The Last of Us Part I is a disaster on PC and Steam Deck — do not buy (yet)

The Last of Us Part I on Steam Deck
(Image credit: Future)

You know something’s up when all the journalists get a review code on the day of release. That’s exactly what happened with The Last of Us Part I on PC and Steam Deck, as the numerous visual glitches and hard crashes show there are problems that Naughty Dog need to work on here.

Just a casual glance at the Steam reviews (currently at “Mostly negative”) will show you that users are running into poor optimization, constant run issues, and users waiting a lifetime for shaders to load before playing.

Let’s answer some key questions here: how bad is this situation? And can we expect fixes soon?

Glitch city

But before we begin, it's only fair that we address some of the weird, annoying, and downright hilarious visual glitches players have spotted during their time with The Last of Us Part I on PC and Steam Deck.

First off, you can often find characters spontaneously getting wet mid-cutscene...

PC weird new glitches, the characters get wet during a cutscene for no reason from r/thelastofus

Next up, taking the phrase "potato mode" to a whole new level, we have the graphical "textures" of what seems to be an N64 port.

New tlou pc graphic 💀 from r/thelastofus

And finally, Joel with a fierce eyebrow game.

PC Joel lookin hella fine from r/thelastofus

What's causing all of these? It may be the unnecessary strain the game's putting on vRAM (seriously, it looks as if only the RTX 4090 can currently run everything without going over on video memory demands), but a lot of these come down to poor optimization during the port.

It runs well on (some) PC configurations

The Last of Us Part I

(Image credit: Naughty Dog)

For PC testing, we turn our attention to my three rigs — ranging from the ultimate top of the line to super old bargain bin material. One thing to note is that across all three systems, shaders took roughly an hour to load.

First, we have the monstrous MSI Titan GT77 HX with an Intel Core i9-13980HX, RTX 4090 and 64GB of DDR5 RAM. Unsurprisingly, there are no issues with running this game at its highest settings without a hint of slowdown. You can truly appreciate the visual feast that Naughty Dog has created here. But if you don’t have $5,300, you’re going to run into some problems.

The Last of Us Part I

(Image credit: Naughty Dog)

That’s where we move to the second laptop: the Asus TUF Gaming F15 with 12th Gen Intel Core i7, RTX 3060, and 16GB of DDR4 RAM. This is where you really start to see optimization issues. Sure, at medium presets, I was able to hit an average of 35-40 FPS, but there were crashes aplenty, and even some mid-scene loading screens (even though it’s running off a PCIe Gen 4.0 SSD).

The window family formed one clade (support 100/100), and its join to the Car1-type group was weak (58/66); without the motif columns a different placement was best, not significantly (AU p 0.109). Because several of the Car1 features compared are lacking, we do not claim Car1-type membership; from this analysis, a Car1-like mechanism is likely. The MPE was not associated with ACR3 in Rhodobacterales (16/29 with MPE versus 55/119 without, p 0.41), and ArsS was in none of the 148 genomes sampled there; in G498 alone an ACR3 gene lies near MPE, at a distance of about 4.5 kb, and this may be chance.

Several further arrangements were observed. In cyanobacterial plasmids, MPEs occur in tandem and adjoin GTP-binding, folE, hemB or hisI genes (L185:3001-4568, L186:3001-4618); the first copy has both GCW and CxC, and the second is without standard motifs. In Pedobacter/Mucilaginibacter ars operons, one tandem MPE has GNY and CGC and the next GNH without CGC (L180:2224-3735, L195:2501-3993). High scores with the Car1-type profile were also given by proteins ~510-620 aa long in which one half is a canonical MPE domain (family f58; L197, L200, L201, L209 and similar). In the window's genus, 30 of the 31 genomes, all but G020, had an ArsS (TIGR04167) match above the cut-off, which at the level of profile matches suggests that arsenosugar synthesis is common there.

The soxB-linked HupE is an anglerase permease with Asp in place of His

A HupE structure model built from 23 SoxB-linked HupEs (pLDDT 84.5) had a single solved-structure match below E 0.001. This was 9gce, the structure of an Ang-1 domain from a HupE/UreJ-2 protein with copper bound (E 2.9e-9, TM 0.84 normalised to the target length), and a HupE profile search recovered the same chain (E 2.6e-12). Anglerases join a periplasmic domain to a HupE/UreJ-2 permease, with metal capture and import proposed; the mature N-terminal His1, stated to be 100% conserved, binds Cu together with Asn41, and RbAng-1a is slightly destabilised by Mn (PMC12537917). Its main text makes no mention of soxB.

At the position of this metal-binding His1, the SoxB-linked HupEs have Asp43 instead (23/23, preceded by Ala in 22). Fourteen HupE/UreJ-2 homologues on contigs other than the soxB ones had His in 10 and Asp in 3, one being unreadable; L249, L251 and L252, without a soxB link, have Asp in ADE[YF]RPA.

And finally, my super old Asus ROG Zephyrus G15 with 3rd Gen AMD Ryzen 7, GTX 1660 Ti, and 16GB of RAM. I wish I could tell you how the game performs on this machine, but the shaders reached 5% loaded and it crashed. No matter how many times I re-opened the game and reinstalled it, nothing could make it work.

And on Steam Deck, it’s more problematic

The Last of Us Part I

(Image credit: Future)

Take the issues from above, such as the shader loading taking a long time, and combine them with some performance issues and crashes. That sums up the current Steam Deck experience at the moment. 

You can see the telltale signs of this game being well on the way to Steam Deck verified status — there’s an official controller layout, the menus and button prompt tutorials change, and most of the graphics settings are set lower by default.

The Last of Us Part I

(Image credit: Future)

But in its current build, the recommended settings still blow out the available vRAM and slow frame rates down to an unacceptable crawl. That is in the moments when the game is not crashing (I ran into 2 during the opening scenes, and a further 3 when in the midst of combat with Tess and Ellie). 

With the following tweaks, you can secure a fairly reliable 20-30 FPS with only a few moments of slow down or frame jumps thereafter.

  • Animation Quality: Medium
  • Draw Distance: Low
  • Dynamic Objects Level of Detail: Low
  • Characters Level of Detail: Medium
  • Environments Level of Detail: Low
  • Framerate Limit: 30

One thing I can guarantee is that once Naughty Dog squashes the bugs and gets that performance to a near-rock solid 30 FPS, this is a surefire entry to my Best Steam Deck games list.

Bottom Line

The Last of Us Part I

(Image credit: Naughty Dog)

Outside of Returnal, this is the second PC and Steam Deck release from PlayStation Studios that has arrived with issues. Unlike Returnal, though, Naughty Dog has been quick to respond and say that patches are on the way.

This is encouraging to see, because as you can probably tell from the tattoo I have and the artwork on my wall, The Last of Us (and Part II) are two of the most important games in my life. And out of the PC ports PlayStation has done, this is easily the biggest — giving a new audience the chance to experience one of the most critically acclaimed video game stories out there.

Was this rushed towards the end, in order to capitalize on the The Last of Us TV show’s release? Maybe — we’ll never know. But regardless, hold off on that purchase until we see performance improvements, and bug fixes.

Jason England
Content Editor

Jason brought a decade of tech and gaming journalism experience to his role as a writer at Laptop Mag, and he is now the Managing Editor of Computing at Tom's Guide. He takes a particular interest in writing articles and creating videos about laptops, headphones and games. He has previously written for Kotaku, Stuff and BBC Science Focus. In his spare time, you'll find Jason looking for good dogs to pet or thinking about eating pizza if he isn't already.